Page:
Dickens of Hurricane Creek
Including: Maggart, Sullivans Bend, Elmwood, Chestnut Mound, Smith County, TN
In my search for a documented link between Joshua , Jr. and Joshua, Sr. I looked more and more toward North Carolina in the mid-1700’s. One clue to North Carolina ties was Joseph C. Dickens and his wife Elizabeth Rachel. The census listed them both as North Carolina born. They settled near Carthage in Smith County.
Since the Court’s record of Henry Dickens’ delinquent tax on his two tracts, 100 acres and 35 acres was in 1809, we know he was in Smith County by at least 1808. Since Joseph C. was born in North Carolina in 1805, Joseph was either brought here as a baby or he moved here later. My amazing logic, huh?
So the only clues I had to North Carolina roots were the few Dickens Households in Tennessee
Section 2. Looking Toward North Carolina Dickens
Then I found another clue that opened a whole new aspect of the search. The following is a Smith County Court record from 1815. I knew it linked Samuel Dickens of North Carolina to people in Smith County, Tennessee but it was several days before I discovered its real importance.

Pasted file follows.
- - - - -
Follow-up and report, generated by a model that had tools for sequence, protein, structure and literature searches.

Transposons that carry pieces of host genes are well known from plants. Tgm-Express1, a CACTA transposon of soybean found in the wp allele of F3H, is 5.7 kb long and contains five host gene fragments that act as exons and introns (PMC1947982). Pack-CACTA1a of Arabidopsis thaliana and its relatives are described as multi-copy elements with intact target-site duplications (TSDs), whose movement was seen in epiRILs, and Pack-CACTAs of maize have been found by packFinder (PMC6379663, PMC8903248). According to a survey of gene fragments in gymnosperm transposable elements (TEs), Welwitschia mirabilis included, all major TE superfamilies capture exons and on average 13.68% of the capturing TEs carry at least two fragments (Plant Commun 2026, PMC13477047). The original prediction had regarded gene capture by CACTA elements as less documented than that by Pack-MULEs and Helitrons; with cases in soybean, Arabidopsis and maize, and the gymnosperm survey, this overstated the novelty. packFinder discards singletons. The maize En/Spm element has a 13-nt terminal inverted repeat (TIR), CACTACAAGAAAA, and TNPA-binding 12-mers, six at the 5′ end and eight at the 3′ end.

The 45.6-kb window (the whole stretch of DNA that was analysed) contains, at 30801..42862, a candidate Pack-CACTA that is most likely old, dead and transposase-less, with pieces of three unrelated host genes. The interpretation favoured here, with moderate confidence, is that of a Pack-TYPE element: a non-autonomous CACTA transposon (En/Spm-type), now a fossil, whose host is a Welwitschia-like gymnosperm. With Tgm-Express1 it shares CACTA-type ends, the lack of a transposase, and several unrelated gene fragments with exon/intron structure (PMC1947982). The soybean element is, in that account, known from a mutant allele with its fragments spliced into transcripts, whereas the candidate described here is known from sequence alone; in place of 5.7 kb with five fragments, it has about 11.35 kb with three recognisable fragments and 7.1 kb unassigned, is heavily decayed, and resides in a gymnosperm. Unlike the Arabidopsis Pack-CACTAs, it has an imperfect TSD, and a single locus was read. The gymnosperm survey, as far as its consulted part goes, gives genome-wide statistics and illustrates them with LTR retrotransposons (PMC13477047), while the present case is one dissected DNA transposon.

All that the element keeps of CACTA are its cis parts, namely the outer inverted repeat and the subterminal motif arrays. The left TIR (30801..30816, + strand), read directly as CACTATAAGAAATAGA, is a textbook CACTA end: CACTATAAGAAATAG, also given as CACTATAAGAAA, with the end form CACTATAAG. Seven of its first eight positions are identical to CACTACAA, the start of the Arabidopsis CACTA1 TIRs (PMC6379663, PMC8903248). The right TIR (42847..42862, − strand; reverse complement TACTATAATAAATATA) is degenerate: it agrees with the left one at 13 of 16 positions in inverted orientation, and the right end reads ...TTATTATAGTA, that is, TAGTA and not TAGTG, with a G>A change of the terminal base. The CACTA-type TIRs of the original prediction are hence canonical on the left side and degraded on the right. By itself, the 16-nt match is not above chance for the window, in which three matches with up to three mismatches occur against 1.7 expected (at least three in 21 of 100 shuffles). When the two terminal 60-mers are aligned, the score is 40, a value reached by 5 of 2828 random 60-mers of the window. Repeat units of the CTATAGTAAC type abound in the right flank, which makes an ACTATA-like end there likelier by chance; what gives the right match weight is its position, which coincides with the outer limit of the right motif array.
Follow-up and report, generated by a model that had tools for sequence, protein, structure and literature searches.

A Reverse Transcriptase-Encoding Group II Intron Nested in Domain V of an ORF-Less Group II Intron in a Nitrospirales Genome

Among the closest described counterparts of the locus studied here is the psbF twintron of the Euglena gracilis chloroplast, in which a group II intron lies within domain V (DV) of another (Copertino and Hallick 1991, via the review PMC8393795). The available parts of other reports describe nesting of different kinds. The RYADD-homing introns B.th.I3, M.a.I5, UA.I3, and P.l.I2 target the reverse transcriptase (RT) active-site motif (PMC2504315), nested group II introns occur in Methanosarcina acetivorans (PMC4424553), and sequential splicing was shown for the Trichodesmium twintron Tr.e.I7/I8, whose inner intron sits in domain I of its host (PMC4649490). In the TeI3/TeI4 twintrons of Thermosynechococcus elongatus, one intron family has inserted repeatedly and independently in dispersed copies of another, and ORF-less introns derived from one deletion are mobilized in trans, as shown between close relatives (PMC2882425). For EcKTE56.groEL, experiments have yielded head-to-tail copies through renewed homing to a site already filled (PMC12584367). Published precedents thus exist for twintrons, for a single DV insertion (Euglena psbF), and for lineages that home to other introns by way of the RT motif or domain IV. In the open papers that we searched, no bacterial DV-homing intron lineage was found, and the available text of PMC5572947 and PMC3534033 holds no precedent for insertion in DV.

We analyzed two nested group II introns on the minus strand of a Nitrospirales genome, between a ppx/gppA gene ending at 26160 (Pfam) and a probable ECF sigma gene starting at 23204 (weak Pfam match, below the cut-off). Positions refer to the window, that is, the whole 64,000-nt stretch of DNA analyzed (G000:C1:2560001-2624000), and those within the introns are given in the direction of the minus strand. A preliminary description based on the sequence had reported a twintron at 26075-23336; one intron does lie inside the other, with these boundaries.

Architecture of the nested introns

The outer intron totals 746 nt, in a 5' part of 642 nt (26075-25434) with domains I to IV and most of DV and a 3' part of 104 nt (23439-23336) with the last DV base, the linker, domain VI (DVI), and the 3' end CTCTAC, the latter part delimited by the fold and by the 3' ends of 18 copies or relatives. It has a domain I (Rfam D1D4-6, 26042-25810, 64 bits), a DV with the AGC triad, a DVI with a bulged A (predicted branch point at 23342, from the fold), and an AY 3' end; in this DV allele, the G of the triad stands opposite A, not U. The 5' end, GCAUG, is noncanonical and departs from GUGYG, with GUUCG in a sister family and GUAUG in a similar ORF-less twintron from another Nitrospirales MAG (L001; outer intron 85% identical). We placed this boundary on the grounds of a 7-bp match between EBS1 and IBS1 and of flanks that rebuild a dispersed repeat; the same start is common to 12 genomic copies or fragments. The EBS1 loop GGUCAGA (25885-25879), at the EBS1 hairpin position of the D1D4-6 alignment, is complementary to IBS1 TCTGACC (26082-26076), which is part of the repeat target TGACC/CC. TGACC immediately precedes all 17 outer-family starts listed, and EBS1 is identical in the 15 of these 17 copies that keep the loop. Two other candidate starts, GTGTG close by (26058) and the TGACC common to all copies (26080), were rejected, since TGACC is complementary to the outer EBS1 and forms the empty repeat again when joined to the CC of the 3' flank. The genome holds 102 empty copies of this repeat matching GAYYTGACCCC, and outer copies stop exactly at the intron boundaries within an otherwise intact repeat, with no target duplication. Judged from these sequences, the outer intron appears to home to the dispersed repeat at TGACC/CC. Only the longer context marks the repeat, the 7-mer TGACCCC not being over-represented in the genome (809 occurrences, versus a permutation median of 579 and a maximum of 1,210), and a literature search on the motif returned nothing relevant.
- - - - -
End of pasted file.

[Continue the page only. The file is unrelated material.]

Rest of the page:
Before the case came to trial, the court ordered that a deposition be taken of several men in North Carolina, including Samuel Dickens. If I had known my history or my geography better, perhaps I would have known what was meant by the phrase "in purson cty North Carolina."
When I inquired about the meaning of the phrase, an Archives worker reminded me that these transcripts had been typed from the original documents in 1940 and to not be surprised if sometimes they don’t make any sense.
For many days the phrase stayed on my mind. Did it mean "in person to a city or county in North Carolina?" If so, how was the officer to know where in North Carolina?